The final farewell for Bert Newton was broadcast around the country but some moments were lost on the livestream.
Bert would’ve loved that.
As many noted in the lead-up to this morning’s state funeral at Melbourne’s St Patrick’s Cathedral, a ceremony of such scale was very much his style.
But it was more than the size of the thing that Bert would’ve enjoyed — it also brought together everything and everyone he loved during a lifetime in the spotlight that ended last week.
Inside the church, in scenes not captured on the livestream that was broadcast around the country, members of Australia’s television and broadcast elite chatted lovingly about the man who set the standard for them.
They gathered inside the front doors of the giant cathedral, under beautiful stained glass, to share stories about the man known fondly as “Moonface”.
There were lots of laughs before the funeral began, lots of smiles. And though there were sombre moments, this was not a time for sadness.
When Bert’s great friend Peter Smith read a letter from Bert’s son Matthew to the hundreds in attendance, laughter filled the cathedral.
Matthew, who shared a sense of humour with his father, joked that Patti would be just fine.
“You two were a team, are a team, and even though your partner isn’t on stage anymore, the show goes on and you’ll be OK. Mainly because you’ll have Lauren’s 97 children to take care of you,” he said.
But there were moments where tissues were reached for to catch tears, too.
Like when Lauren spoke of her dad’s last breath — one he took after Patti had left the room because he could never leave this world with her nearby.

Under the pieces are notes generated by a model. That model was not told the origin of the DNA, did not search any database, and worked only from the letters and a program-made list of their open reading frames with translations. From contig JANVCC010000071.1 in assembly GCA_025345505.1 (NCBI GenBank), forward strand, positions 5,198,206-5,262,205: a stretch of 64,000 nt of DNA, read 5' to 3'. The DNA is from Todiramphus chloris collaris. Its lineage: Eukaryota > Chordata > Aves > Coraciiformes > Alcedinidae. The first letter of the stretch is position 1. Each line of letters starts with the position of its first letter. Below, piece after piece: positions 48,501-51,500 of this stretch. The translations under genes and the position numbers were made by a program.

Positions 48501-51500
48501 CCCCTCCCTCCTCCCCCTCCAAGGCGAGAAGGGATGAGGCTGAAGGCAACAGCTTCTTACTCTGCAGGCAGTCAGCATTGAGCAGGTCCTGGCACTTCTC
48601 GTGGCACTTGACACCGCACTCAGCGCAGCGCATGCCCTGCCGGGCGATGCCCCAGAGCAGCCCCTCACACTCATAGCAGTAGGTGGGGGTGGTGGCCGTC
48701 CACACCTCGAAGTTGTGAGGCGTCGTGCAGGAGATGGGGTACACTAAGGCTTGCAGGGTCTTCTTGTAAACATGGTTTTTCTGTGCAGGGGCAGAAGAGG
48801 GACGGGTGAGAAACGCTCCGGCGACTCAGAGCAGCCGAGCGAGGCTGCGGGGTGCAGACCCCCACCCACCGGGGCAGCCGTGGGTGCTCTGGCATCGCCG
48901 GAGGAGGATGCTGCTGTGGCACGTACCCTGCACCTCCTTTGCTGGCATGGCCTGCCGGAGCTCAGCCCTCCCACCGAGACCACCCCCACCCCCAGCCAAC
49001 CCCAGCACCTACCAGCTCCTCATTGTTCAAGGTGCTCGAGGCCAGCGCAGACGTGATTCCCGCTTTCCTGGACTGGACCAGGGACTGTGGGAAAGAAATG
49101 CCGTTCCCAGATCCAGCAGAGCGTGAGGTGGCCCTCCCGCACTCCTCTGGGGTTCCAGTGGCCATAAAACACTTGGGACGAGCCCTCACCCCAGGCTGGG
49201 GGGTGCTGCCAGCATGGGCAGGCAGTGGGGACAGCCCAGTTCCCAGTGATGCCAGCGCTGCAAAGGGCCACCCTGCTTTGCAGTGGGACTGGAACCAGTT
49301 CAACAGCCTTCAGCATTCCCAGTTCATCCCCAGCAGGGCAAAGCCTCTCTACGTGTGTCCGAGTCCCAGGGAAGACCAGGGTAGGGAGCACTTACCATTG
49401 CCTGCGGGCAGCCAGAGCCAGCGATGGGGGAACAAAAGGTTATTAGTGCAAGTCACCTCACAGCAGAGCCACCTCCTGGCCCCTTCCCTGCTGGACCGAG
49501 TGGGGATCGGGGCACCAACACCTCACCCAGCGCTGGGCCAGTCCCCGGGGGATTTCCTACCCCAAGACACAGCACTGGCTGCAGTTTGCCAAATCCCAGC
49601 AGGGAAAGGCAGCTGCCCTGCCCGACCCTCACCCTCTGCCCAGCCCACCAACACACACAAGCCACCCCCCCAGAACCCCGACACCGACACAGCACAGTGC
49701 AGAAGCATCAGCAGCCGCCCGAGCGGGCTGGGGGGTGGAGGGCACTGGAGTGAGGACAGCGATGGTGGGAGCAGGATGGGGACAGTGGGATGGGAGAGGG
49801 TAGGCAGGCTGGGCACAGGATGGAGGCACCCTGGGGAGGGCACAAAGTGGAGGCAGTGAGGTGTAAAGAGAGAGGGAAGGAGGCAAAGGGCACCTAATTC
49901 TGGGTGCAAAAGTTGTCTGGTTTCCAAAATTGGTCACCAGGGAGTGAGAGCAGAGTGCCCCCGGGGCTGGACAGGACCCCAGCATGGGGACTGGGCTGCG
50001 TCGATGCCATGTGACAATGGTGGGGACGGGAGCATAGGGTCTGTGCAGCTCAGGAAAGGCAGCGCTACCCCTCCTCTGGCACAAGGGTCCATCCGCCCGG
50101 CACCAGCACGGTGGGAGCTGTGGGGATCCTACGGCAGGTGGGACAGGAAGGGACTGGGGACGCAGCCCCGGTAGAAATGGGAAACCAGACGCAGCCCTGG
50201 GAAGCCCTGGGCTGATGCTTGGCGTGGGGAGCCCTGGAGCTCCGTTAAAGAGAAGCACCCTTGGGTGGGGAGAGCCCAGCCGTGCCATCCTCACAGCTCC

And when the pair’s grandchildren stood bravely at the front of the church and offered prayers.
“Heavenly father, we pray for Poppy up in heaven. Lord hear us,” Monty offered sincerely.
Prior to the ceremony, as mourners gathered at the back of the church, Prime Minister Scott Morrison walked through the crowd to greet Patti warmly.
The pair spoke for several minutes, at one point sharing a laugh.
On the front of the service booklet handed to mourners as they entered the church was a picture of Bert smiling his big, enduring smile.
Inside the front cover, Bert and Patti were arm in arm again. Both smiling brightly.
In life and in death, Bert brought joy. But his absence will be keenly missed.
Outside the church, where Victoria’s media had gathered, a white hearse waited to take Bert to his final resting place.
Patti led the coffin past those inside, sobbing loudly and visibly upset. Her little grandchildren walked ahead of her, uncertain what to make of the pool of photographers taking their photographs.
Patti stood outside in the rain and the cold as Bert’s coffin was placed inside the hearse and the doors closed. She hugged one of her granddaughters and reached out her hand one last time to her husband.
As doves were released, she held the little girl closer still. A private moment in a very public setting.
One mourner summed up the day perfectly.
“Bert would’ve approved,” she said.
The man who knew how to command an audience was farewelled in the most appropriate way.